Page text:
The primary purpose of this report is to present all chemical data from the Salton Sea area collected by the U.S. Geological Survey between 1995 and 2001. The data were collected primarily for the Department of the Interior's National Irrigation Water Quality Program (NIWQP). The report also contains a brief summary and citation to investigations done for the NIWQP between 1992 and 1995. The NIWQP began studies in the Salton Sea area in 1986 to evaluate effects on the environment from potential toxins, especially selenium, in irrigation-induced drainage. This data report is a companion to several reports published from the earlier studies and to interpretive publications that make use of historical and recent data from this area.
Data reported herein are from five collection studies. Water, bottom material, and suspended sediment collected in 1995-96 from the New River, the lower Colorado River, and the All-American Canal were analyzed for elements, semi-volatile (extractable) organic compounds, and organochlorine compounds. Sufficient suspended sediment for chemical analyses was obtained by tangential-flow filtration.
A grab sample of surficial bottom sediment collected from near the deepest part of the Salton Sea in 1996 was analyzed for 44 elements and organic and inorganic carbon. High selenium concentration confirmed the effective transfer (sequestration) of selenium into the bottom sediment. Similar grab samples were collected 2 years later (1998) from 11 locations in the Salton Sea and analyzed for elements, as before, and also for nutrients, organochlorine compounds, and polycyclic aromatic hydrocarbons. Nutrients were measured in bottom water, and water-column profiles were obtained for pH, conductance, temperature, and dissolved oxygen. Element and nutrient concentrations were obtained in 1999 from cores at 2 of the above 11 sites, in the north subbasin of the Salton Sea. The most-recent study reported herein was done in 2001 and contains element data on suspended material isolated by continuous-flow centrifugation on samples collected in transects extending out from the Whitewater, the Alamo, and the New Rivers into the Salton Sea.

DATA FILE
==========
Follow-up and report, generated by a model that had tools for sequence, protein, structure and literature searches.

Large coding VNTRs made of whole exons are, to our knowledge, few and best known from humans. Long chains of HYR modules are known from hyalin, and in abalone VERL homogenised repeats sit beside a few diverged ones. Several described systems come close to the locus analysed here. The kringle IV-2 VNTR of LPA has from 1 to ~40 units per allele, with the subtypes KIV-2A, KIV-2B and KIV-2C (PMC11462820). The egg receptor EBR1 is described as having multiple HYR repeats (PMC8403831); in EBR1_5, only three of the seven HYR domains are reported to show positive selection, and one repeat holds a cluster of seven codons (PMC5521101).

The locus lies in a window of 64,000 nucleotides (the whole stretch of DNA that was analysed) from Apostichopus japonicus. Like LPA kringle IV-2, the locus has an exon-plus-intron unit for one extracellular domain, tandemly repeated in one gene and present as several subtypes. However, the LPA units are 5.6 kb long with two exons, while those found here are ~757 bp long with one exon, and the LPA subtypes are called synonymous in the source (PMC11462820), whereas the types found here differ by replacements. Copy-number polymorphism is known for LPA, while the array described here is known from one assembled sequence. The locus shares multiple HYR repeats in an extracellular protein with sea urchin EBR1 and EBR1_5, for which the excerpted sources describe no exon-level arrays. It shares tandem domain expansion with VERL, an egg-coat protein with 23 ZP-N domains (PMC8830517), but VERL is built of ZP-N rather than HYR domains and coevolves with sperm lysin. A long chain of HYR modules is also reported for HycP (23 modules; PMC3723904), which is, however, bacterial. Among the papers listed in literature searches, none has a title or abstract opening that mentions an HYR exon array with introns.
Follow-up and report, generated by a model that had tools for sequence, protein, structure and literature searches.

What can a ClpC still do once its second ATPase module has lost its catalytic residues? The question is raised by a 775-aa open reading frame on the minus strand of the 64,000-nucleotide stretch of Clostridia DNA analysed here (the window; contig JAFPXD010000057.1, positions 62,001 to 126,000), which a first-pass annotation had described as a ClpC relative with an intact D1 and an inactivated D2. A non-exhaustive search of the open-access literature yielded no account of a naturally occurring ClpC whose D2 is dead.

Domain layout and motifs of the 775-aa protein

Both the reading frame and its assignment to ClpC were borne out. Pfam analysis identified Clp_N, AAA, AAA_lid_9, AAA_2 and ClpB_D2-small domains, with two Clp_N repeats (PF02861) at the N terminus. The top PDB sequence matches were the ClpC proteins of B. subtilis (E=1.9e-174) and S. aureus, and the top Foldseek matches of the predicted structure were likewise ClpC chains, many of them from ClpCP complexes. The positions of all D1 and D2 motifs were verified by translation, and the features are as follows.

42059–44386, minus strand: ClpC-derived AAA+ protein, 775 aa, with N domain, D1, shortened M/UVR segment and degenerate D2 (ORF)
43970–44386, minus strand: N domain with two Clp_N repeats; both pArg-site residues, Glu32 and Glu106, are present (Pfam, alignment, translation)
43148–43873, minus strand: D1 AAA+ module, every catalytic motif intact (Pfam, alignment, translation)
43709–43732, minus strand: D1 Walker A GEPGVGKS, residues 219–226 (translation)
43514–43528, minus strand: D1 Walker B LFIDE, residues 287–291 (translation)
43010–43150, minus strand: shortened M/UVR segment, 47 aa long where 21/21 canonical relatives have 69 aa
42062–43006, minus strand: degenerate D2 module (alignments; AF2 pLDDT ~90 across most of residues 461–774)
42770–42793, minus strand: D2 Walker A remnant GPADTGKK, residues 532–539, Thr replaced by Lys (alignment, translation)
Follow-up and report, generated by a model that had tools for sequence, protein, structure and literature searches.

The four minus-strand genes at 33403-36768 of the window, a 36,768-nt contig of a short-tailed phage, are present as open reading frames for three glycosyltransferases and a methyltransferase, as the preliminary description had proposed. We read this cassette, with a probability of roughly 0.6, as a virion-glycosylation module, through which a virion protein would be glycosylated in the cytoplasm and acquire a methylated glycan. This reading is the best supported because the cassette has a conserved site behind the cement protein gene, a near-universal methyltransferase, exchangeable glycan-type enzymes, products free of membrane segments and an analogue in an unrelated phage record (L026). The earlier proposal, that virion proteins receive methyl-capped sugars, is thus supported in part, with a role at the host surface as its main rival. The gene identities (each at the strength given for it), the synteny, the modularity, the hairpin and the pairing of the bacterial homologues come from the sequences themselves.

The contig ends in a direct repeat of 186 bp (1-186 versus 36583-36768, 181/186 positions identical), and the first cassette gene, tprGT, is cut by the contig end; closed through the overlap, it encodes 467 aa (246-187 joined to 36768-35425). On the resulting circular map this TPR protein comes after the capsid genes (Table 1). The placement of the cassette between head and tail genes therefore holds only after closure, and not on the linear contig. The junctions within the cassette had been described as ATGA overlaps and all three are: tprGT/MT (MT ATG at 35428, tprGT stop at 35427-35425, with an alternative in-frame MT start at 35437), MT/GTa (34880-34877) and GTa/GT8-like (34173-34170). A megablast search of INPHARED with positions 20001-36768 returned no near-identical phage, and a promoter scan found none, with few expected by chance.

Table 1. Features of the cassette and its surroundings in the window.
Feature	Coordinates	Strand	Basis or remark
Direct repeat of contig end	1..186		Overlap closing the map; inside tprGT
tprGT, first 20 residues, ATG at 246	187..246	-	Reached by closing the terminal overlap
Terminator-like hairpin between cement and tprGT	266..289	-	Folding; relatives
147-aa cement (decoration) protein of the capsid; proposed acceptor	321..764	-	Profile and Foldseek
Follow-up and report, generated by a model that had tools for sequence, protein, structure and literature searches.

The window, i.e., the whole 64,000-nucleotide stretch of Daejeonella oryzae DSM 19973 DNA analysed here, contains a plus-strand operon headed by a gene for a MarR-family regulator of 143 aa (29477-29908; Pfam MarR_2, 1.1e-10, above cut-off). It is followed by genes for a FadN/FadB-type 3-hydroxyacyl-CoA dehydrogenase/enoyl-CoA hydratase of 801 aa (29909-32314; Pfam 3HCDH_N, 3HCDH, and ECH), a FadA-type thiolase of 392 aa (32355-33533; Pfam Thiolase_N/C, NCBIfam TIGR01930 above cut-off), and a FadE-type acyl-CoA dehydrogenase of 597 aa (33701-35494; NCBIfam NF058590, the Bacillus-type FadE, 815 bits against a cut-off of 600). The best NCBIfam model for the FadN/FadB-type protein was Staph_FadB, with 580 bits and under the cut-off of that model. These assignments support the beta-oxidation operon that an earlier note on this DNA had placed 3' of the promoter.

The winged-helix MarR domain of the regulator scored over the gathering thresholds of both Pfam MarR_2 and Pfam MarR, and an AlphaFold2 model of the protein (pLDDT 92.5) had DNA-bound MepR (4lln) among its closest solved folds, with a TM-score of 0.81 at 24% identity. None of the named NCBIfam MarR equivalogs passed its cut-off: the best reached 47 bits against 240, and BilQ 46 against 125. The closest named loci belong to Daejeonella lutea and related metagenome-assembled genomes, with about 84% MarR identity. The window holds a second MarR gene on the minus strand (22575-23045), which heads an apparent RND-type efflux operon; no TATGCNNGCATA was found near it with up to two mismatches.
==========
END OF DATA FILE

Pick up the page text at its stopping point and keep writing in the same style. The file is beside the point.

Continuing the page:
Chemical data on suspended sediment and bottom material from tributory rivers and the Salton Sea itself show that many insoluble constituents, including selenium and DDE, are concentrated in the fine-grained, organic- and carbonate-rich bottom sediment from deep areas near the center of the Salton Sea. Data also show that selenium and arsenic are markedly enriched in seston (plankton, partially-degraded algal detritus, and mineral matter that compose suspended particulates in the lake) collected just below the water surface in the Salton Sea. This result indicates that bio-concentration in primary producers in the water column provides an important pathway whereby high selenium residues accumulate in fish and fish-eating birds at the Salton Sea.
Additional publication details
USGS Numbered Series
Chemical Data for Detailed Studies of Irrigation Drainage in the Salton Sea Area, California, 1995?2001